Arlan Hamilton isn’t new to supporting underrepresented founders. Whether that means women, people of color or LGBTQ founders, Hamilton (founder of Backstage Capital) and her team have been there. So it comes as no surprise that they were able to bring their “It’s about damn time” fund to life. At the United State of Women Summit, Hamilton announced that Backstage Capital launched a $36 million fund that will invest in black women founders, $1 million at a time.



“This has been in the works for several months,” says Hamilton in an exclusive email to AfroTech. “It had a few iterations, but in the last couple of months, I made the decision that the money would go to funding black women specifically and $1 million at a time, specifically. It was very intentional and something that … I knew would probably get pushback from some people, but I have the greatest conviction around it. There’s a lot that goes into raising a fund of this size when you’ve had less than $5 million under management as a new fund manager, but I was up for the challenge.”

Before the year is up, Backstage Capital will be investing in two to three companies, the first of which should be announced in June or July. The remaining investments should be announced throughout the fall.

Following the announcement of the companies receiving funding this year, Hamilton said she anticipates funding about five to six companies in 2019.

In an industry that still sees an underrepresentation of black women, a fund like this is incredibly important. The fund will focus in on a population that has largely been ignored — only 0.2% of venture capital funding goes to black women.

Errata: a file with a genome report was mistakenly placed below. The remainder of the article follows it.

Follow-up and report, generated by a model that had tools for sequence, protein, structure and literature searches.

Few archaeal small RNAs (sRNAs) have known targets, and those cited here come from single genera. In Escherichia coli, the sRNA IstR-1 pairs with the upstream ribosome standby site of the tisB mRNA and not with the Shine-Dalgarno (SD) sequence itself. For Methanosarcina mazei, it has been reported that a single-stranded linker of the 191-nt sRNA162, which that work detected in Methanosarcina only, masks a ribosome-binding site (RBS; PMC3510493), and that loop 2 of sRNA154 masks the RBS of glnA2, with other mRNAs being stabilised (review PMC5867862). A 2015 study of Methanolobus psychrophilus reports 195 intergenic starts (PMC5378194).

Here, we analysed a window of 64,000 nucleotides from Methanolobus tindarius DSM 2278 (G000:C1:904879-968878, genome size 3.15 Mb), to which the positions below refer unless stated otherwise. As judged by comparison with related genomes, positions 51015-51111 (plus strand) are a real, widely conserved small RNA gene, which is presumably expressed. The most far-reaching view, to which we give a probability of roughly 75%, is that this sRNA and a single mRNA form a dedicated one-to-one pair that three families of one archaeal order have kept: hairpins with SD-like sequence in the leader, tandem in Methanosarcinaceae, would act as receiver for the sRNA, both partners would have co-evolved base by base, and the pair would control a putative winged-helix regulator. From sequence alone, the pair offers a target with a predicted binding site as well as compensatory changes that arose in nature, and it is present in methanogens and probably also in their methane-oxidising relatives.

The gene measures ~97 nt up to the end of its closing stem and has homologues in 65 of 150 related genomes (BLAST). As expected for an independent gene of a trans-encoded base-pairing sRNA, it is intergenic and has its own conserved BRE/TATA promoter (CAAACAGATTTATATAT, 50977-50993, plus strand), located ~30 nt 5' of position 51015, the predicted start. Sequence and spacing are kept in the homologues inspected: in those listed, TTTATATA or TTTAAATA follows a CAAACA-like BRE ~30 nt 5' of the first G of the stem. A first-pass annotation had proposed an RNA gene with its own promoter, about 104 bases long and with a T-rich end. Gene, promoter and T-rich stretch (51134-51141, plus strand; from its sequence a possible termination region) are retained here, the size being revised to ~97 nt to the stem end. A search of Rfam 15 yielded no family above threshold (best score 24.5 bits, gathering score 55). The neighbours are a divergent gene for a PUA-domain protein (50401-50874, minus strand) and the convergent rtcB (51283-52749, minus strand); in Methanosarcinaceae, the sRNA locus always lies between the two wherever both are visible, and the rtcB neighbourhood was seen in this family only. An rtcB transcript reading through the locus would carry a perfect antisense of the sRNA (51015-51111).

“There have been daily challenges,” says Hamilton. “And when you’re attempting to do something like this that is breaking new ground, most of it has been in changing the hearts and minds of people who have been working in an industry for years and decades and getting them to see the light.”

Backstage Capital will remain industry and regionally agnostic when evaluating the thousands of companies they anticipate seeing this year, open to any industry and any field as long as they’re led by black women founders.

One piece of advice that Arlan shared about knowing whether taking venture capital money is right for your company or not is to understand that you are essentially taking on new partners in your company and that you’re giving away equity that you start out with.

“My advice would be to first see if you could do it on your own, if you can bootstrap,” she says. “If you can find some friendly checks (which isn’t always easy, obviously, but sometimes it’s available), if you can generate revenue, if you can make money from your company without needing to raise. There have been several companies that have done that to great success. They never raised a penny of venture capital, and they’ve gone on to do amazing things. So it’s important to really decide if this is right for you, to really do your homework, to listen to other founders who have gone through it, to really have a strong grasp of what you’re getting yourself into. It’s not for everyone, and it’s a serious matter.”

And although this fund will no doubt change lives and help change the landscape of tech, Hamilton knows there is so much more work to be done.



“We are no longer accepting the scraps at the end of the dinner table in venture capital and beyond as black women,” says Hamilton. “We asked nicely, and now it’s our turn.”